Eusociality and how Equality and Inequality Shape Social Animals

Two dynamic, seemingly opposing forces likely played an important role in the evolution of reproduction and child-rearing in social animals like bees and humans.

In this puzzle, we analyze how the exquisite interplay of the two processes described above orchestrates the dynamics of reproduction in social insects. In a recent Quanta article, “How Insulin Helped Create Ant Societies,” Jordana Cepelewicz highlights the two things that social insects require to propagate their species. The first is the production of large numbers of eggs (reproduction), a process that’s tailor-made for winner-take-all dynamics, and the second is the care and feeding of the offspring (caretaking), which requires equal shared responsibilities by a large number of individuals. The article discusses a theory of the origins of eusociality proposed in 1987 by the evolutionary biologist Mary Jane West-Eberhard, based on a species where the same individuals perform both tasks, cycling from one to another. This has now been shown to depend on insulin signaling caused by the presence of larvae in one ant species. As Cepelewicz reports, “[West-Eberhard] had observed that solitary wasps cycled through reproductive and caretaking phases in sync with their ovarian activity, and posited that eusocial division of labor emerged when parts of that ovarian cycle became exclusive to each caste: The queens had constantly active ovaries for egg laying, while the workers, whose ovaries stayed suppressed, dedicated themselves to foraging and brood care.”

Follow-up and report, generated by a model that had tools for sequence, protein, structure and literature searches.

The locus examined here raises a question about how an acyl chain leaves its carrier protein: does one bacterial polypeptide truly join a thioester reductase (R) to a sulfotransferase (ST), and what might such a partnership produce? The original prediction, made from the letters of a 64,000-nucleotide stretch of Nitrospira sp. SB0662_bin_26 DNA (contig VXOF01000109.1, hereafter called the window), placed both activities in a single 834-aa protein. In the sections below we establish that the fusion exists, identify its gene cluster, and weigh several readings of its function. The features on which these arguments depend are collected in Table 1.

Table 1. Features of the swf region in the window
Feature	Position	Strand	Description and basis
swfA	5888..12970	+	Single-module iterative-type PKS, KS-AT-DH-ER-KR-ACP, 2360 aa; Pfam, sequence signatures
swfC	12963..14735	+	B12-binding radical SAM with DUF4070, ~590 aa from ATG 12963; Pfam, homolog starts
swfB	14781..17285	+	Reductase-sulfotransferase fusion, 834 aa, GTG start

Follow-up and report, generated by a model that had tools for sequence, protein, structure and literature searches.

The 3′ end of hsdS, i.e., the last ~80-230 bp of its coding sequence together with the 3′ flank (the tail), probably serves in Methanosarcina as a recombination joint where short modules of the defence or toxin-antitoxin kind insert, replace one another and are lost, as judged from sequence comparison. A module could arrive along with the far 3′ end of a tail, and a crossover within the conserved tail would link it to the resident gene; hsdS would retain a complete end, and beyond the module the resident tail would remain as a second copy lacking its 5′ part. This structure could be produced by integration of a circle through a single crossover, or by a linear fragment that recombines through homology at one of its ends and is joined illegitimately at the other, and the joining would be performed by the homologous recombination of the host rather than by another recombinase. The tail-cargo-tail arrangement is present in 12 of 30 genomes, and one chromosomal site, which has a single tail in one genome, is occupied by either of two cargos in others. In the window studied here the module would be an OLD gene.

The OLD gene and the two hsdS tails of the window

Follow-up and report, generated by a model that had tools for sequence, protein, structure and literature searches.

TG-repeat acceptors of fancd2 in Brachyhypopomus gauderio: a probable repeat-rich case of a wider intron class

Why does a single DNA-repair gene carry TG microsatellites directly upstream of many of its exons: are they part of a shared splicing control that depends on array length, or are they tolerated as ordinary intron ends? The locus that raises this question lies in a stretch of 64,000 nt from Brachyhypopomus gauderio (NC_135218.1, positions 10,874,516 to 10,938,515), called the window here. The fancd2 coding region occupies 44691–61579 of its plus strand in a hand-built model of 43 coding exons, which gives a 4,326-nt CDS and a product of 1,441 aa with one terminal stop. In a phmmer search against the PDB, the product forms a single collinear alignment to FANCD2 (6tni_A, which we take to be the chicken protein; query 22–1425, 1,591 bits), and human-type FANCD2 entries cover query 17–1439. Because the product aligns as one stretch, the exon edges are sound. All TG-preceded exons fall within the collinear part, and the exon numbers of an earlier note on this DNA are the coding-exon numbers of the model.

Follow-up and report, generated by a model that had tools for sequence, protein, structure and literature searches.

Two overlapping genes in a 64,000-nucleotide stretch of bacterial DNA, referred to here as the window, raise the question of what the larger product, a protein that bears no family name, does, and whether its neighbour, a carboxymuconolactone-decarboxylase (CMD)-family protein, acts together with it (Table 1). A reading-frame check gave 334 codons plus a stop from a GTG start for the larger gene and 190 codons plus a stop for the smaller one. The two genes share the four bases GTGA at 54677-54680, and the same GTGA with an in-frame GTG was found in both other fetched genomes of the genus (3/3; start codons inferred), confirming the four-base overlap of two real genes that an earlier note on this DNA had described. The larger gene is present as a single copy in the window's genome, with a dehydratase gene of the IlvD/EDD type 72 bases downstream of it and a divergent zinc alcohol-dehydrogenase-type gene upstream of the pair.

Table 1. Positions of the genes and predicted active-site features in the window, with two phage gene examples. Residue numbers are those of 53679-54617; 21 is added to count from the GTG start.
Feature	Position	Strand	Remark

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About Giorgio Bertini

Research Professor. Founder Director at Learning Change Project - Research on society, culture, art, neuroscience, cognition, critical thinking, intelligence, creativity, autopoiesis, self-organization, rhizomes, complexity, systems, networks, leadership, sustainability, thinkers, futures ++
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